PD Editorial: Put motor voter on hold until the bugs are fixed
California’s effort to increase voter registration by way of the Department of Motor Vehicles is laudable, but the chronically troubled department and state technology officials messed up the implementation. Until the state can fix things, motor voter should go on hiatus.
Reports about problems with motor voter have circulated for months, but few people expected that things were as bad as they are. An independent audit of the system found nearly 2 million erroneous data points. Most of the discrepancies were minor. Many were just mismatched dates resulting from DMV registering a person on one day but the secretary of state’s office processing on another.
But some of the mistakes were more worrying. In 173,243 records, the political party someone chose didn’t match up between DMV and secretary of state data. Even more troubling, 83,684 records were identified as duplicates in the voter registration data set.
We must be absolutely clear here. No evidence emerged that these problems were the result of foreign hackers’ tampering. Nor was there anything to show that they had resulted in people voting twice or being denied voting eligibility. Elections were not compromised.
Even so, there’s no guarantee that such errors could not cause problems in the future. It’s not hard to imagine a tight election in a congressional district in a year in which the House majority is in play blowing up because the outcome hinges on unreliable registration records.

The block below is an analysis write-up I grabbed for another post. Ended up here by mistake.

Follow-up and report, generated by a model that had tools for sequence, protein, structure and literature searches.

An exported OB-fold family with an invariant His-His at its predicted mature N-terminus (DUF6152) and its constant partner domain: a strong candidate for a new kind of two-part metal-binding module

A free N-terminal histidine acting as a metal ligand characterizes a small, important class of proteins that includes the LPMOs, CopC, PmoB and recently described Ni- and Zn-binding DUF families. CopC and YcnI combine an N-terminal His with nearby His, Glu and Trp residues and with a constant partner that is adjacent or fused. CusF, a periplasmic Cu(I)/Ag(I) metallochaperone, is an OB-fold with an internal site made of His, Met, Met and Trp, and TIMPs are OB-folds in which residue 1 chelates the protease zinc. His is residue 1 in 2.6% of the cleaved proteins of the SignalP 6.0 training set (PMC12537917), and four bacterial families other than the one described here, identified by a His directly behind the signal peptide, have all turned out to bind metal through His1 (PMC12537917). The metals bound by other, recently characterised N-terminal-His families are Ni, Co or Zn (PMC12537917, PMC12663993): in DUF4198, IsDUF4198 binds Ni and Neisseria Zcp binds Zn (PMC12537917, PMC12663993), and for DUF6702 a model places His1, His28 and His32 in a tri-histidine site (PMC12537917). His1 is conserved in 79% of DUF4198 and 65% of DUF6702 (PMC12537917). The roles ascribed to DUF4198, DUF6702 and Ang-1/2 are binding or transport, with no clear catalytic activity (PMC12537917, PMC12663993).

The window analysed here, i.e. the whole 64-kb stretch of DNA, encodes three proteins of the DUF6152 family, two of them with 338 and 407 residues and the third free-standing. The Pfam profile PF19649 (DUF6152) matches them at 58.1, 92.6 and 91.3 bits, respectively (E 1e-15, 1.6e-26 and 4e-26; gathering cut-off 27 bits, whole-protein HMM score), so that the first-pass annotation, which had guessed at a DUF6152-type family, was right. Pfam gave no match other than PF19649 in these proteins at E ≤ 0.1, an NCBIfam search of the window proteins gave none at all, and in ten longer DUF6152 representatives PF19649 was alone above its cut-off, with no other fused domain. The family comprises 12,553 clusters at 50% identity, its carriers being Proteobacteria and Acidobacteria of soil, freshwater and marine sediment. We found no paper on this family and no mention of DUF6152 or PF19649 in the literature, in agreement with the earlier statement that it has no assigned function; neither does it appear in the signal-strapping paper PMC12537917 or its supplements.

Widespread errors also could undermine public confidence in the electoral system. Without that confidence, democracy suffers. Why vote if there’s no guarantee elections officials will get things right?
One likely contributing factor to the mistakes was that the state rolled out the new system. Lawmakers passed the law authorizing it in 2015, and officials rushed to get it online in time for the 2018 midterm election. That left insufficient time for thorough testing of the complex data-sharing systems. Because the new system was opt-out of registering — unlike the previous opt-in system — the volume skyrocketed, and mistakes were made.
The auditors recommend retesting the entire system and implementing measures that will ensure greater data integrity. Republicans have called for suspending the program until the bugs are worked out. They’re right; the state should put it on hold.
Democrats control the levers of power, and it’s not clear that they will go that far. The biggest hint that they’d rather this whole thing just go away is in the timing of the report’s release. Auditors completed it and began sharing it with some officials in February. The public, however, didn’t see it until last Friday. As any political communications expert will tell you, Friday in August is a great day to release bad news in the hope that the public will miss it over a summer weekend.
California should make it as easy as possible for eligible voters to participate in the democratic process, but only so long as accuracy and the integrity of the system are maintained. That’s not happening now. Step back, fix the problems and then relaunch the new motor voter when it’s ready for prime time.
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